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Easy for you to say

Don's post about two jugglers involved in a bit of, um, professional rivalry got me thinking about how we shooters work.

What we photographers see as challenging, and what the client thinks is difficult, can be two different things. Also, *why* we shoot is just as important as what or how we shoot.

How many times has a client dropped off a layout for a shot that they THINK is just a simple shot, "Shouldn't take you more than a few minutes to knock this out, right?", but when you see it, you call home and tell them you'll be late for dinner. Again.
It's part of our job as consulting professionals to increase our client's knowledge of what is and isn't a tough shot, without bragging about our mad skills. This'll pay off both in an increase in the perceived value for our work, as the client understands that it is work you do, and not just goofing with a camera (most of the time... :-) ), and it'll allow your clients to set reasonable deadlines and budgets, win-win scenarios for both of you.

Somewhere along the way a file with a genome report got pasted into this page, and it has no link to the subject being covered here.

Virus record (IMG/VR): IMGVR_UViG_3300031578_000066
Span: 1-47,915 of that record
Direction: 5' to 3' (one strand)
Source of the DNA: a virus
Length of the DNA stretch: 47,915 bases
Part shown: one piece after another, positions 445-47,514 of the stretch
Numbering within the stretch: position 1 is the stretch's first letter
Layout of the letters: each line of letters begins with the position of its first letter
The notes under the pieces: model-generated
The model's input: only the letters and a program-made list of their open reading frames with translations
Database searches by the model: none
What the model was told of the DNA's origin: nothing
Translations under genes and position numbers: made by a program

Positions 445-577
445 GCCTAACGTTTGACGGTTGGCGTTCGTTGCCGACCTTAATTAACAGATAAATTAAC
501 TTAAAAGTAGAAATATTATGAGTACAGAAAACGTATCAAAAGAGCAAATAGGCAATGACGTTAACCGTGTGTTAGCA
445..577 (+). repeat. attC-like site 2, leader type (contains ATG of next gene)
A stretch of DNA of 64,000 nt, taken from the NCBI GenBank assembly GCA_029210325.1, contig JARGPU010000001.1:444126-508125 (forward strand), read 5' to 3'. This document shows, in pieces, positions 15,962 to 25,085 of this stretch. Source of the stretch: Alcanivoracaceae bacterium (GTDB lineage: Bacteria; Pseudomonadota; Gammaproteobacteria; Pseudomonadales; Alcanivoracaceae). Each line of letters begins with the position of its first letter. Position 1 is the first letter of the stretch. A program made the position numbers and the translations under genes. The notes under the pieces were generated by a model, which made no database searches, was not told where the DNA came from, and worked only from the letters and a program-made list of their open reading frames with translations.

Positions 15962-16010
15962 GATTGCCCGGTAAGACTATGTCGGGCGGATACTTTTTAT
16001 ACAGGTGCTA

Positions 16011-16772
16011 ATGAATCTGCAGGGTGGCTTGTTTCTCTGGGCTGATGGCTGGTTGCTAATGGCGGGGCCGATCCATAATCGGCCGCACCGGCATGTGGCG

And let's compare those two videos: The first was (apparently) less challenging for the juggler, but it was widely distributed on the internet and entertained a large live audience. Was it an over-the top display of juggling skill? No. Did it appeal to a wide market and entertain people? Oh yeah.
The second is probably a better display of the juggling arts. But it's done in a high school gym, it looks like, to a crowd of none and with little or no thought to appeal to anyone other than other jugglers. (Personally, I've always thought The Flying Karamozov Brothers were the cream of the crop as far as juggling. Their "jazz juggling" routine is... stunning.)
And that's something I've seen shooters do over and over again: We take the picture WE want to take, not the one that the client wanted. Sometimes, in the case of clueless clients, that's a good thing. Sometimes, it's not.

The question remains: Like juggling for other jugglers, do you take photos that appeal to other photographers, or take photos that appeal to your client?

“Easy for you to say”

  1. Blogger Don Giannatti Says:

    Hi Kev...
    Actually I believe that the first juggler has a much higher level of skill than the second. True the second has 5 balls instead of 3, but look how the first juggler actually does the drums - spatially as well as beats - while tossing the balls up, sideways and down... those little moments must take tremendous skill. My point is that sometimes what looks easy is actually more difficult than the 'flashy' approach.